Dominio de Punctum Biodynamic Family Vineyards

In Spain, a Bodega is the name given to the building where wine is made and stored. Many of our Spanish wines bear the names of their Bodega – Bodegas Luis Cañas and Bodegas Urbina spring to mind. Not so our wines from the Dominio de Punctum Estate high up on the central plain in Spain, around 100 miles South-East of Madrid, in the Province of Cuenca.

“Punctum” is the name of the vineyards, founded by the Fernandez family in 1905, and still owned by their descendants today. The family philosophy is that you cannot make good wines unless you have good grapes and hence the emphasis – and the name – should be based around the vineyard; hence Punctum Biodynamic Family Vineyards.

Bodega (or winery) completed in 2005

In fact, for the first 100 years, the family did not make wine. Like many farmers they grew grapes to sell to other bodegas. This all changed in the late 1990s when the 3 young, but ambitious, Fernandez siblings – Jesus, Ruth and Cristina – decided to transform their vineyards into organic grape production and develop a state-of-the-art Bodega which was completed in 2005; their first harvest was 2009.

The Fernandez family are a closely-knit, dynamic team, with Jesus as the CEO, bringing his MBA and previous business experience to the overall management. Sister Ruth graduated in Viticulture and Oenology and, not surprisingly, is the wine-maker and Production Director, while Cristina’s degree in Economics prepared her for her role as Finance Director.

Jesus with sisters Ruth and Cristina

After graduation, both Ruth and Cristina gained experience with other wine producers in other countries; they became convinced that to produce the best grapes they would need to move to organic and biodynamic practices. The Fernandez family decided to develop their estate into Punctum Biodynamic Family Vineyards.

Ruth and Cristina checking out the cow horns!

Jesus was keen to show us around their vineyards first and explain their philosophy for sustainably produced grapes without chemical interventions. In 2005 they were awarded their organic status and 6 years later they became certified as a Biodynamic producer.

We are often asked “What is the difference between organic and biodynamic”. First you have to farm organically. This means no pesticides, herbicides, synthetic fertilisers on the soils and very limited permitted levels of Sulphites in the bottling of the wine. This is the first stage of sustainable wine production.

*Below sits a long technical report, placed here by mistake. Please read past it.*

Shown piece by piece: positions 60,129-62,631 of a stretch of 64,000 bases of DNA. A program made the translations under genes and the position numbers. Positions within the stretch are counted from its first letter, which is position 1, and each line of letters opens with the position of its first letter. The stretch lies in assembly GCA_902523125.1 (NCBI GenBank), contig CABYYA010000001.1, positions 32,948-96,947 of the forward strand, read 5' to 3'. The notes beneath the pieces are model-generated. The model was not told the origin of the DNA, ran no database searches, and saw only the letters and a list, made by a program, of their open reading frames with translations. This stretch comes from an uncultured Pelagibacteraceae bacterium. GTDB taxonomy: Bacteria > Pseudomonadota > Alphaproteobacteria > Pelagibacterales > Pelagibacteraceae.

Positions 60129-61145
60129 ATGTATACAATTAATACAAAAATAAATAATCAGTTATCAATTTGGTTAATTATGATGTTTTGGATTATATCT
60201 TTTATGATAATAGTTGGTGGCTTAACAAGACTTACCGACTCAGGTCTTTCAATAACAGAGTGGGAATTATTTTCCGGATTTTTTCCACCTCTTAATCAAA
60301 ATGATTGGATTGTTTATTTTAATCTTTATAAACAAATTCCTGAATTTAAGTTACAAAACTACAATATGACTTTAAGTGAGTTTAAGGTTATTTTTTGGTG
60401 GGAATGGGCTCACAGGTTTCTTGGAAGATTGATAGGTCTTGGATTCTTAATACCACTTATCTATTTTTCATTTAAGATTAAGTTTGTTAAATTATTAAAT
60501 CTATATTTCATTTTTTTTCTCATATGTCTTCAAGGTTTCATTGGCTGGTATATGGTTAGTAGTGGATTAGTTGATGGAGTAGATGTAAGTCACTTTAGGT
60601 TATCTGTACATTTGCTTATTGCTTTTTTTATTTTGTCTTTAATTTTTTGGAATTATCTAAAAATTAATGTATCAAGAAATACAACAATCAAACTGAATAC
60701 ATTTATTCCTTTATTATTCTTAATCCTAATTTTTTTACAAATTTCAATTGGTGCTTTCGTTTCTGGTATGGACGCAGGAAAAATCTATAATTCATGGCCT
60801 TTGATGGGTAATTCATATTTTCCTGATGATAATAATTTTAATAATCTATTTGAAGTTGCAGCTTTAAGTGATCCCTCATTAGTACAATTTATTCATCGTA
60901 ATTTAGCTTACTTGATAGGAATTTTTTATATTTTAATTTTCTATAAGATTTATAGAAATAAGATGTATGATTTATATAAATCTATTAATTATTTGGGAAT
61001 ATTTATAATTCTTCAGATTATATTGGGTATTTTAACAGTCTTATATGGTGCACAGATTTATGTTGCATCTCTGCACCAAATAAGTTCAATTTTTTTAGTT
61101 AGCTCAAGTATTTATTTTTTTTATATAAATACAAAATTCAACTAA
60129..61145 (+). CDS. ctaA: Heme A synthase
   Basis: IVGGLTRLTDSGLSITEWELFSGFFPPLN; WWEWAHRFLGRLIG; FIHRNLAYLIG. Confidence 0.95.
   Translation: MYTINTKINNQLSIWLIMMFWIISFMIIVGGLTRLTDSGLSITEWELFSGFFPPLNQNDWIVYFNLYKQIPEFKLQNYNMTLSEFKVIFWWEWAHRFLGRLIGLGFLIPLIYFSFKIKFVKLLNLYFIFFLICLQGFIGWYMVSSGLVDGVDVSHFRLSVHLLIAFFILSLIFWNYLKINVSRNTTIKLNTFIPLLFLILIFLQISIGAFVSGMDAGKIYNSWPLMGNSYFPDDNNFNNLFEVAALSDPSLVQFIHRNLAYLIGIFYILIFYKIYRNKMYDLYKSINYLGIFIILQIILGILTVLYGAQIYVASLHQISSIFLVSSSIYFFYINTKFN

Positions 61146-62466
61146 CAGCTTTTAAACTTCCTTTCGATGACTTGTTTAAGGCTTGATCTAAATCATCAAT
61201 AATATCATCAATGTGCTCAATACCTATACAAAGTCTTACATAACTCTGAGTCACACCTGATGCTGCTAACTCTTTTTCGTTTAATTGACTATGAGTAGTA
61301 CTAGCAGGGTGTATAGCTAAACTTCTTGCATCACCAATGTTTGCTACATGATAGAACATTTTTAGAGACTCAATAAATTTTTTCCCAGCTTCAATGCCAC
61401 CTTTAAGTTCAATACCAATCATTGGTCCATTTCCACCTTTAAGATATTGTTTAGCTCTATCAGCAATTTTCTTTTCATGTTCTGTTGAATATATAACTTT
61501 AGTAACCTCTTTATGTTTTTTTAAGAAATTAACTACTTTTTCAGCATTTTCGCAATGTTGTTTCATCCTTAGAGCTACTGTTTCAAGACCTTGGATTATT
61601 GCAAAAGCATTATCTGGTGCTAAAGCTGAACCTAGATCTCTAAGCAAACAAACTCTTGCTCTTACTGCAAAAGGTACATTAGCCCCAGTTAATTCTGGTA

Biodynamic farming and production is a further step where the vineyard is considered as a self-sufficient eco-system which improves the environment for the longer term. Every process in the vineyards and in the winery from pruning, planting, fertilising, harvesting and in the making of wines is undertaken in line with the phases of the moon.

Biodynamic farming – burying the cow horns

Probably the most well-known of these actions is the burying of cow horns, filled with natural fertilisers, in the vineyard! There is growing scientific evidence that this is hugely beneficial to soil life.

The vineyards are at 800 metres and the dry, sunny Mediterranean climate is certainly “organic friendly” with minimal pests and diseases found in damper climates. At times the heat in the summer can be extreme but with around 18 degree drop in temperature at night, the vines can rest and take up nutrients from the clay-based soil which is rich in limestone (as in Burgundy, Champagne and many other great wine regions).

Punctum Vineyards at 800 metres

The Punctum Estate grows a wide range of grapes – the indigenous Tempranillo, Garnacha, Graciano, Bobal and Viura, plus the more well-known international varieties Cabernet Sauvignon, Petit Verdot, Chardonnay, Sauvignon and Viognier.

We are impressed with the purity of fruit and consistent quality of these wines, which we believe offer distinctive, flavourful wines that have attractive aromas, vibrant tastes and, importantly, offer fantastic value.

Jesus Fernandez inspecting the grapes

We stock 5 of their wines. New to us this year is a Loire-style Sauvignon Blanc which provides an interesting comparison to our two annual favourites, the deliciously peach and fresh Viognier and a stunning blush, dry Rosado made from the native Garnacha and Bobal, but in the style of Provence.

The 2 reds are an appealing, juicy Tempranillo with blackberry and cherry fruit, well-judged vanilla oak from its 6 months in barrel, and a more serious, intriguing blend of the increasingly popular Graciano with the well-known Cabernet Sauvignon. Deep, dark cherry and blackcurrant fruit, hints of almonds and spice plus vanilla and smoothness from its 12 months in American oak barrels.

You can find these wines individually in The Wine Shop, or discover them all in a special Dominio de Punctum Case offer.

Dominio de Punctum Organic & Biodynamic Wines in The Wine Shop
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